By Anna Hazard
When it comes to going from a home's exterior landscaping to its main interior dwelling, the first areas that need to be modified for proper aging-in-place accessibility are the entrances, exits, and threshold region. These are a particularly important area to focus on as the entryways are normally in frequent use due to their controlling access in and out of the home. The main focus when it comes to these spaces are on easy accessibility and safety as the frequent presence of steps or threshold lips present greater tripping & falling hazards.
Newer homes (especially those built after the 1980s when accessibility became a more visible issue) are more likely to already incorporate a degree of universal design with entrances that are easier to use for those with a wide range of abilities. Older homes may require more refitting, which can become rather expensive when it comes to remodeling for permanent ramps or chairlifts.
While it's preferable that all entrances & exits from the household are handicapped friendly, at least one entrance (preferably the main one) should have no raised threshold and require no steps for its use. This could be because this entrance is flush with the ground level or because it has sloped ramps installed in the place of any stairs or steps.
This particular entrance should also preferably have a roof covering that will keep out snow, rain, and other unwanted weather elements as well as a nearby flat stable surface where packages can be left. This could either be in the form of a waist level shelf or a lower bench for sitting. The shelf would be used for placing packages and holding items, thus leaving both hands free to use the door & negating the need to juggle objects which may cause balance issues and lead to falling. A lower level bench that is at a convenient height for sitting and rising may require a bit more stooping when placing items, but can act as a place to rest (either during emergencies or simply as a convenient place to view the front yard).
This entrance should have an accessible travel path to both the exterior and interior that is at least 36" wide and free from debris or other tripping hazards. The exterior portion of the path should have a flooring of slip resistant grit, textures treads, or grit tape and be routinely checked for damage (such as cracks or pits that may cause tripping). In addition, salt should be kept near the main entrance during the winter months for those locations that experience snow, ice, or freezing rain to easily de-ice the entrance and front path as needed.
Doors & Thresholds
Exterior doors should open into the home so that an entering person would not need to step backwards (and potentially trip over any entrance steps or ramps) in order to swing the door open. These exterior doors should also have deadbolts to make a forced entry more difficult. In addition, the doorknocker or ringer on the main entrance should be lowered so that its still accessible to someone seated in a wheelchair or for anyone who may have trouble raising their arms.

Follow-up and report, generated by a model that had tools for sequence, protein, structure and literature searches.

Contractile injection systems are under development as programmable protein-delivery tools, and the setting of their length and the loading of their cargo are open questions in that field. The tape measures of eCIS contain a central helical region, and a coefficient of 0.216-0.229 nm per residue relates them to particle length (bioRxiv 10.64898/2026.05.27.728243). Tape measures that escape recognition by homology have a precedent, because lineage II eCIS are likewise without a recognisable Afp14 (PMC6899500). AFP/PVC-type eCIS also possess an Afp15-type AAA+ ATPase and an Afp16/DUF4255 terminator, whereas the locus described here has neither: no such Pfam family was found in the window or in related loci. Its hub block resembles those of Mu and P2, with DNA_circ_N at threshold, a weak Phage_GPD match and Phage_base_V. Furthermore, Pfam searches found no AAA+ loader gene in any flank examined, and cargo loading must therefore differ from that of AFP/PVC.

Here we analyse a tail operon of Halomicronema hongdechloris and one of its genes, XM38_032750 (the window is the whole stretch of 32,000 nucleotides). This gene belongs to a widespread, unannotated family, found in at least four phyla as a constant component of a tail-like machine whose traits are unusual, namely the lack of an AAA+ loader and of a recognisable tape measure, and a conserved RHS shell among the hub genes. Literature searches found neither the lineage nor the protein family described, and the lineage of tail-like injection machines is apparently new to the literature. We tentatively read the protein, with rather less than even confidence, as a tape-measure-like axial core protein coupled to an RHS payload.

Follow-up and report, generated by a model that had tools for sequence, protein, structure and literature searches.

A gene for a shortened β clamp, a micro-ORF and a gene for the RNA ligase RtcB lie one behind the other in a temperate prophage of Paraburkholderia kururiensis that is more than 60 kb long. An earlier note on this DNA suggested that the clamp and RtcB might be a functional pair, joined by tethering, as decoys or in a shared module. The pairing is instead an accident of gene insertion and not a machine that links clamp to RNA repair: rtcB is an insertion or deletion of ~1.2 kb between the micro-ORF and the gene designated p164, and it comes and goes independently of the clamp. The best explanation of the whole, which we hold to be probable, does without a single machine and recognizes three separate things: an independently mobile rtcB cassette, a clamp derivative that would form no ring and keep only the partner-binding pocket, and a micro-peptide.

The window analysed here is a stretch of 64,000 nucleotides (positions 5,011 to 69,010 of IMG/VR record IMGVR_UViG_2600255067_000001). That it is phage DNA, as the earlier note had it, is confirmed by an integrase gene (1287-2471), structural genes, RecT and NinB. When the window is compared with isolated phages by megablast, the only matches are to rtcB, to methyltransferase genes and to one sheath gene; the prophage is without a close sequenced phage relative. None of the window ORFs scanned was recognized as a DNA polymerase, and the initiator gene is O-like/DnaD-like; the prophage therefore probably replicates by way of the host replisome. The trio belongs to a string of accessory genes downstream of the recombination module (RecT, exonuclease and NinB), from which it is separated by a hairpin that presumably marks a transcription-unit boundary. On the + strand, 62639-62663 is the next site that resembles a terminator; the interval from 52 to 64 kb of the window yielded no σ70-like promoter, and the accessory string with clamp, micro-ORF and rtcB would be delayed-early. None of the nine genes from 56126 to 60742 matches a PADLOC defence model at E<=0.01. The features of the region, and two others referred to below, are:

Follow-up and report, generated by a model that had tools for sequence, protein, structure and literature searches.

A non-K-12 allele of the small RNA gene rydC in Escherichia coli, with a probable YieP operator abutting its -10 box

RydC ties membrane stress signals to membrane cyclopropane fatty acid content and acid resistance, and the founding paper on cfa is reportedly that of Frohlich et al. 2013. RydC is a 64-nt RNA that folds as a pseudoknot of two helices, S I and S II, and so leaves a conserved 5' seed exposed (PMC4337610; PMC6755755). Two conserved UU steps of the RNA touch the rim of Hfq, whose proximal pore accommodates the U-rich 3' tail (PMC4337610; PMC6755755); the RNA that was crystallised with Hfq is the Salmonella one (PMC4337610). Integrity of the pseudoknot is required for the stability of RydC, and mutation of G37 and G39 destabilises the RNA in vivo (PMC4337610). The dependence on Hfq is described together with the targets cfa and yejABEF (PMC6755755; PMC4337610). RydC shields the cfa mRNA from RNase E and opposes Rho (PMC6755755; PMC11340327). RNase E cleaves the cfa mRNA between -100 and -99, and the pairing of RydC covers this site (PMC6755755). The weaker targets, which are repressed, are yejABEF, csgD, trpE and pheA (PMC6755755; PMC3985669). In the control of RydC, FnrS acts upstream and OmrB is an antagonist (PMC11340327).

The entrance peephole may also need to be lowered for easier access (as long as it is still high enough to properly see a visitor's face). For those with visual disabilities, an electronic peephole may prove more beneficial as it does not distort the image seen through it, making identifying people by sight easier. These types of peepholes are usually installed within the original ones, require batteries to run, and contain connected LCD screens for viewing.
Preferably all doorways in the house both exterior and interior will be step-free with no raised threshold bumps in between the different areas of the home. If a threshold edge is present, then it should be no more than half an inch tall for an exterior door or a quarter inch difference for an interior threshold. Any greater degree in difference will require the installation of a small ramp over the area, replacing the sills entirely, or even raising the level of the porch in order to avoid any tripping hazards.
All doorways should be at least 3 feet wide (36" wide) in order to potentially accommodate a large sized wheelchair or scooter through them. Typically an open 32" space is the minimum that an average sized wheelchair can comfortably squeeze through and the area taken up by the angle of the door's hinge as well as other possible obstacles such as the doorknob must also be taken into consideration. Besides widening a too small doorway, another less expensive alternative would be to install an offset or or expandable door hinge that can add up to 2" of width clearance to a doorway.
Normal rounded doorknobs can be difficult to properly twist and use for those with arthritis, hand strength & dexterity issues, or other fine motor issues that often come with aging. These type of knobs should be replaced with easier-to-use lever style ones instead. Keyless entries are also particularly helpful for those with more extreme forms of hand control issues or those with failing eyesight where inserting a key into a small keyhole may prove problematic.